Friday, November 29, 2013

Antony, His Sword

Antonys Sword, his delight and his destruction A discussion of Shakespe bes Antony and Cleopatra         In Shakespeargons Ro adult male tragedy Antony and Cleopatra, we are told the invention of two passionate and power-hungry sleep withrs. Both are characters that possess a divinity- worldly c oncernage status. Antony is often associated with Mars (1.1.4; 2.2.6; 2.5.117), the god of fight, and, Cleopatra with Venus (2.2.210), the goddess of love, or damp said, the goddess of partiality and passion. Through knocked out(p) the good receive, Antony finds himself torn amongst a desire to be with Cleopatra and an equally backbreaking desire to render and maintain power in Rome. The Roman leader becomes a virtual pris one(a)r of lechery and has to choose betwixt an pudding stone and love. However, the goddess of love overpowers the god of war. Antony himself says: My stain made weak by my affection (3.11.66). This statement establishes an primary(prenomi nal) issue of the mould: the struggle amid passion (love) and power (war). It is obvious that Antonys leaf blade, a participate of both his longing and being a coarse warrior, leads the play to its climax.         Antony is a clear example of a ruler who has impel away a kingdom for lust. He thrusts himself upon his sword, a body-build of his manhood. From the moment they met, Antony was enchanted by Cleopatras extraordinary ocular aspect: when she first base met Mark Antony, he pursed up his heart upon the river Cydmus (2.2.197-198). He submits himself dangerously to the seductive Egyptian top executive and, the latter is fully aware of her sexual dominance. She makes this clear to Charmian, her servant, by boasting or so the way she had captured Antony:                  That time? O times!                  I laughed him out of patience, and that night                  Â I laughed him into patience, and contigu! ous mourn,                  Ere the ninth hour, I intoxicated him to his bed,                  Then put my tires and mantles on him, whilst                  I wore his sword Philippan                                     (2.5.18-23) It is manifest that the charms and sexual delights of the cunning Cleopatra adhere blinded Antony completely.         Antonys change magnitude adoration of Cleopatra too affects the opinion of his subjects. From the beginning of the play, his fellow sol break downrs usher their undisguised scorn for the passionate relationship amidst their customary and his Egyptian Monarch. Philo, in particular, is worried about this dotage (1.1.1) his usual has for Cleopatra. He believes that Antonys passion oerflowes the measure (1.1.2.). Philo fears that Egypts mysterious lust and passion has turned his fierce warrior into a common man addicted to love. He worries that the tripple pillar of the reality (1.1.12) has been transformed into a strumpets fool (1.1.13). The first act indicates that Antonys interests are notwithstanding foc use of goods and servicesd on his gypsys lust (1.1.9). So, in this part of the play, Antonys sword is use as an instrument of sexual joyfulness. It is his utensil to let Cleopatra die (1.2.145). In simple words this mode that Antonys sword, a symbol of his manhood, enables Cleopatra to experience sexual climaxes.         In Act III, the pleasure loving Antony is transformed into a bitter, get the better of warrior. He blames Cleopatra for his defeat: O, wither has thou led me, Egypt? (3.11.51). You did chicane how more you were my conqueror, and that my sword, made weak by my affection (3.11.65-66). Here, Antony admits that his passions for Egypt have weakened his position as a fierce warrior. The lecherous moments between him a nd his Egyptian Conqueror have resulted into a great ! detriment: his loss of power. But, since Cleopatra k forthwiths how to twist Antony around her little finger, he submits erstwhile again to her love. He buries his sad thoughts and thinks only of what he has gained:                  Fall non a tear, I say; one of them order                  And that is won and lost. Give me a kiss.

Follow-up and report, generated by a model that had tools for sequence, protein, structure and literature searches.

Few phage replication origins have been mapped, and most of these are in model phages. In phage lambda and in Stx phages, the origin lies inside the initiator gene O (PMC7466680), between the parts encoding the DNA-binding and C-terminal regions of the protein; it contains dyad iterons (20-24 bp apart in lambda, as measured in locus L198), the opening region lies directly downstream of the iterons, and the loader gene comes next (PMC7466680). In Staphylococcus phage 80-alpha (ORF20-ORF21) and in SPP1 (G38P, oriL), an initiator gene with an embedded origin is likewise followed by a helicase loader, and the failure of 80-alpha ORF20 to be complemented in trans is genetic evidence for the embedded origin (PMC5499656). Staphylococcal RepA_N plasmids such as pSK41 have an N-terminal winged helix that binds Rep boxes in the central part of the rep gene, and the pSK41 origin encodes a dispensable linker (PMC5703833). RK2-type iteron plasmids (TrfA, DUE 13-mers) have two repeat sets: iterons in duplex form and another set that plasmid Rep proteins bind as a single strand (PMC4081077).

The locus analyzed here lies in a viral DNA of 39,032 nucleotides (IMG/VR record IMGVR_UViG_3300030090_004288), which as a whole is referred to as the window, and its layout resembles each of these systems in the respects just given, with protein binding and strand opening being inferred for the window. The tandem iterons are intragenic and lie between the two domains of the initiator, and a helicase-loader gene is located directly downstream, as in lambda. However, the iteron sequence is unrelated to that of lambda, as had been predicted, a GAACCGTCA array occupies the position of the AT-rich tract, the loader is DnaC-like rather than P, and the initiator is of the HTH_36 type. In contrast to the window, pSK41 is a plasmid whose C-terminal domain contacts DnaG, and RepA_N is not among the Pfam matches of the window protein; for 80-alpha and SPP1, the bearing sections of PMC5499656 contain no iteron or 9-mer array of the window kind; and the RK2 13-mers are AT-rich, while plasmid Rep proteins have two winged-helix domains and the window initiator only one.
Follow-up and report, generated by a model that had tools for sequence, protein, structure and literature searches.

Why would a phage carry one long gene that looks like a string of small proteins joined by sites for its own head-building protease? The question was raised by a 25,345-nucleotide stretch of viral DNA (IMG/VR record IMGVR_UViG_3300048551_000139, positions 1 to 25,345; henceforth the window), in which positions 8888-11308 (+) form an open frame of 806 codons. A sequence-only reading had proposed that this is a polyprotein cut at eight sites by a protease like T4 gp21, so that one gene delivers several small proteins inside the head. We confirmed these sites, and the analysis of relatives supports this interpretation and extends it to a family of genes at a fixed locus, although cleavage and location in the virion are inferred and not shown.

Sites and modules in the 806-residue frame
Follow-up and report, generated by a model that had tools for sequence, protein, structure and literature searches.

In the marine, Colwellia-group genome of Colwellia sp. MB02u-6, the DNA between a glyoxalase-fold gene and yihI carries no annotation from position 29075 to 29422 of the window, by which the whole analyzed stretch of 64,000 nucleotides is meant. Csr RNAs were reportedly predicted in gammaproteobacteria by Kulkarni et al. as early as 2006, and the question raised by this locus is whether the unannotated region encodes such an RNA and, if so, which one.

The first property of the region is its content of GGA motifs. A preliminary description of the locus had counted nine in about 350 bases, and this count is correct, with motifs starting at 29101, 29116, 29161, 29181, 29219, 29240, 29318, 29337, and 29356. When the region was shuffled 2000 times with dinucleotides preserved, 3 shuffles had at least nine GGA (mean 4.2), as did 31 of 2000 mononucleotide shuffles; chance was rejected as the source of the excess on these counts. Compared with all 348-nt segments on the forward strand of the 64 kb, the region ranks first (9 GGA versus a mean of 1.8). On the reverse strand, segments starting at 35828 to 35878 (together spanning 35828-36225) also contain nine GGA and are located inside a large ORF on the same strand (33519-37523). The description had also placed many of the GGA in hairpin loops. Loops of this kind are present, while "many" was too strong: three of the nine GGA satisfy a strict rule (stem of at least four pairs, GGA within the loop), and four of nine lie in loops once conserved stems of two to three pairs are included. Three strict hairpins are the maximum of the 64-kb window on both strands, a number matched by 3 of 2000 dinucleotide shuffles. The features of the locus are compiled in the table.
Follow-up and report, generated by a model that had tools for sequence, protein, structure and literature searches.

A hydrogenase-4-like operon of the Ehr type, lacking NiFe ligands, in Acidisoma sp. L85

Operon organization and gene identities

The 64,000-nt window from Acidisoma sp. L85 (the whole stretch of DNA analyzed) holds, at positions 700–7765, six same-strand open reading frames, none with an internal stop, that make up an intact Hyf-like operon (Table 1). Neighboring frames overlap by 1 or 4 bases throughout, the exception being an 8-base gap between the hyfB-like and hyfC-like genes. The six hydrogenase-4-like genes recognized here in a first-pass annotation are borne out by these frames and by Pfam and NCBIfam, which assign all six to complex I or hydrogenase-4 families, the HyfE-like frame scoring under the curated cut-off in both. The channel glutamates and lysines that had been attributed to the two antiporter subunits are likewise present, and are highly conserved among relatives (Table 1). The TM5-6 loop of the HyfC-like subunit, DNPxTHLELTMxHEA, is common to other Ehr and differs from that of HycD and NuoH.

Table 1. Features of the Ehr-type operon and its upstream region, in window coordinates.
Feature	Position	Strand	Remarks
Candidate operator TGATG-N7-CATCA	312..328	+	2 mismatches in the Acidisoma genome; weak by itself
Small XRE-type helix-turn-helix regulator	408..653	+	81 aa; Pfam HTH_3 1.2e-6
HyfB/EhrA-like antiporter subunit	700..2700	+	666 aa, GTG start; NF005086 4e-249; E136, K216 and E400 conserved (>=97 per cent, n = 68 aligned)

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                                                      (3.11.69) Now Antony is set(p) to defeat Octavius Caesar, who kept his sword een like a soc ial dancer (3.11.35), in the next battle. Antony believes that he is a greater warrior than Caesar, and, therefore, challenges him: sword against sword (3.13.27). In this scene, Antony tries to prove that his sword is not only a symbol of his manhood, but also a sign of being a courageous fighter.         Unfortunately, Antony withdraws from the sea battle when Cleopatra has fled. This is an feature of his dependence on the Egyptian Queen, and, it is this dependency that leads him to lose the terminal battle. It is therefore not strange that Antony blames Cleopatra in one slip again for his great loss: She has robbed me of my sword (4.14.23). It is obvious that Cleopatra not only possesses his body, but also his soul. The god of war is straightway forced to confront his tragic situation. The only way to effective his face is to fall on his face (4.14.104), his ultimate motion to prove that he is a courageous warrior. The sword that was once his symbol of del ight turns out to be his destruction.     !     Noce Te Ipsum, go to bed Thyself, the wise Socrates has proclaimed. In Antony and Cleopatra we get acquainted with Antony, a man who does not know how to live by this by this important rule of life. He is trapped in the pshychomachia, the war between passion and priming coat. In this play, passion is definitely the victor of the battle. Antony proves to be a real Elizabethan man, a passionate buffer. harmonise to Shakespeare, however, his role as passionate lover cannot be combine with that of an ideal ruler. An ideal ruler is a passionless man, so, reason should prevail. Therefore, one may conclude that in Shakespeares opinion, Antony did not use his sword properly and that is why he became a victim of his own fault. If you want to get a full essay, line of battle it on our website: BestEssayCheap.com